The garden is starting to change. The first act is coming to a close and I can see murmurs of the second act. Roses. But more on them later. For the moment foxgloves still dominate, although they are starting to turn to skeletons of their former self. All of this change doesn't stop the bumblebees. They buzz about the place. There is a constant aggravated zzzz at my side as I garden from bumbles stuck inside a foxglove flower. Do they buzz for a reason? Is it for pollen? I must investigate further. I wonder if they are trying to turn around and their reversing skills are just as bad as mine. The foxgloves are spires in the garden with most of the lower blooms gone. They still stand tall and dominate the garden but I know it won't be for much longer. I shall miss their stature in the garden especially the beautiful peach pink one that the other half suggested for the garden, along with the cranky little buzz of the bumbles.
Seed heads are beginning to form in the garden. The aquilegia are fading fast and forming seeds pods. I must decided what I want to stay in the garden for the coming season. There was a beautiful crimson pink one last year that I hoped would return but I have not seen it. I understand that aquilegia do not remain true to their parents. This year there has been an abundance of blue which has matched beautifully with the blur of purple from the flowering sage. I planted a dark black (well as black as flowers get) in a few corners and wonder if it will return and if so what format. Hopes for the next season are already being sown.
I have been an obsessive photographer this year. First it was daffidils, then the ranunculus and now poppies. All the current flowering poppies are self seeders which I love. They have spread and appear in all corners of the garden. There is the fucshia pink and white poppy is in the old part of the veggie garden. The bright red one has set up shop in the same bed as the blue cornflower - I love the contrast and then the deep purple one has seed prolifically where it was planted last year. Thankfully they are everywhere in the garden. With our unsettled weather they seem to flower one minute and are a seed head the next. So I love that there is a lot of them. I might look at planting some new ones just because I want to keep taking pictures of them. It would be something lovely to revisit later in the season.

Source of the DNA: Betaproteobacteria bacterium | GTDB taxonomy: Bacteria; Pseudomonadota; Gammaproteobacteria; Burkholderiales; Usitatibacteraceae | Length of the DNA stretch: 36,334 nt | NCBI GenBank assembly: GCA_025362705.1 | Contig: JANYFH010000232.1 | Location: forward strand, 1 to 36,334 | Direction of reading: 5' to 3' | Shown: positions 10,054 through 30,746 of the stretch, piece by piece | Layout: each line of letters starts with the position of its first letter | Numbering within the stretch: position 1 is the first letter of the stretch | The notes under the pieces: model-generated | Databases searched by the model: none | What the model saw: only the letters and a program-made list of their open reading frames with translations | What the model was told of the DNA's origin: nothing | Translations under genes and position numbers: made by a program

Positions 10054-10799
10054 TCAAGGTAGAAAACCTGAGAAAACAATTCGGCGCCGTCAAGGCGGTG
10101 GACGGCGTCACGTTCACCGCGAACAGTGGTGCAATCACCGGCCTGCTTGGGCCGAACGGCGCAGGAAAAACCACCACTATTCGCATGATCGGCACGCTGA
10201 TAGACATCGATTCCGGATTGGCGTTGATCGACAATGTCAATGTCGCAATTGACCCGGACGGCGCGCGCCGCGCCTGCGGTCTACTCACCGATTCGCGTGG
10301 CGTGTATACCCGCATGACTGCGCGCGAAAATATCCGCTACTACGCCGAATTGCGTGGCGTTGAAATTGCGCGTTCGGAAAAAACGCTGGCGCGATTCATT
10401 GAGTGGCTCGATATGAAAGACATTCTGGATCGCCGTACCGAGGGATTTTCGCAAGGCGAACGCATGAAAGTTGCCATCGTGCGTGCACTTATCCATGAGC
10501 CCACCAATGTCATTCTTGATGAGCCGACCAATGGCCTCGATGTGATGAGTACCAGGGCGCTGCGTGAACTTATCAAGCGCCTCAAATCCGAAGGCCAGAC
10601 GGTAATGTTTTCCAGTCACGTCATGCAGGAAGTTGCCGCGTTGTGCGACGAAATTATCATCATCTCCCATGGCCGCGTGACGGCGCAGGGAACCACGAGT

I look out the window from the sunroom and there appears, almost each day a new rose starting to bloom. I am so excited to see them return and hunt out a book of rose drawings, maybe I can duplicate some of these images with my camera in the garden? Today's rose is a beautiful soft apricot actually more orange than pink. How do you describe the colour of a rose? I forget it was there. I also forgot the bright vibrant white one that has appeared almost from nowhere, secretly hiding within the small white open bloom bush rose that smells so beautiful I want to stand underneath it all day.
I've been quietly working away on a new project and I wanted to share it with you first. It is called 'Haven: a place to grow" and it will be a paid newsletter focused on gardens, photography, and creativity. For me my garden is my haven. It is where I find solace and comfort and, aside from Sunday when Eos stole plants and dug a hole in the garden bed, peace. I wanted to create a space where I share what I learn from my garden as a gardener, photography and a person. The newsletter will be monthly and will focus on a central theme, flower and colour which I hope you will find inspiring and help you create your own creative haven. Updates regarding Haven will start to appear in the next week or so and I do hope you come and join me.
Oof, the garden photos are dreamy and have me drooling for spring here. We're just finally seeing fall color change here in Texas so we've got months to go. Though we will see the first bulbs and early ephemerals out in mid to late February, April is our prime "go" month for so much.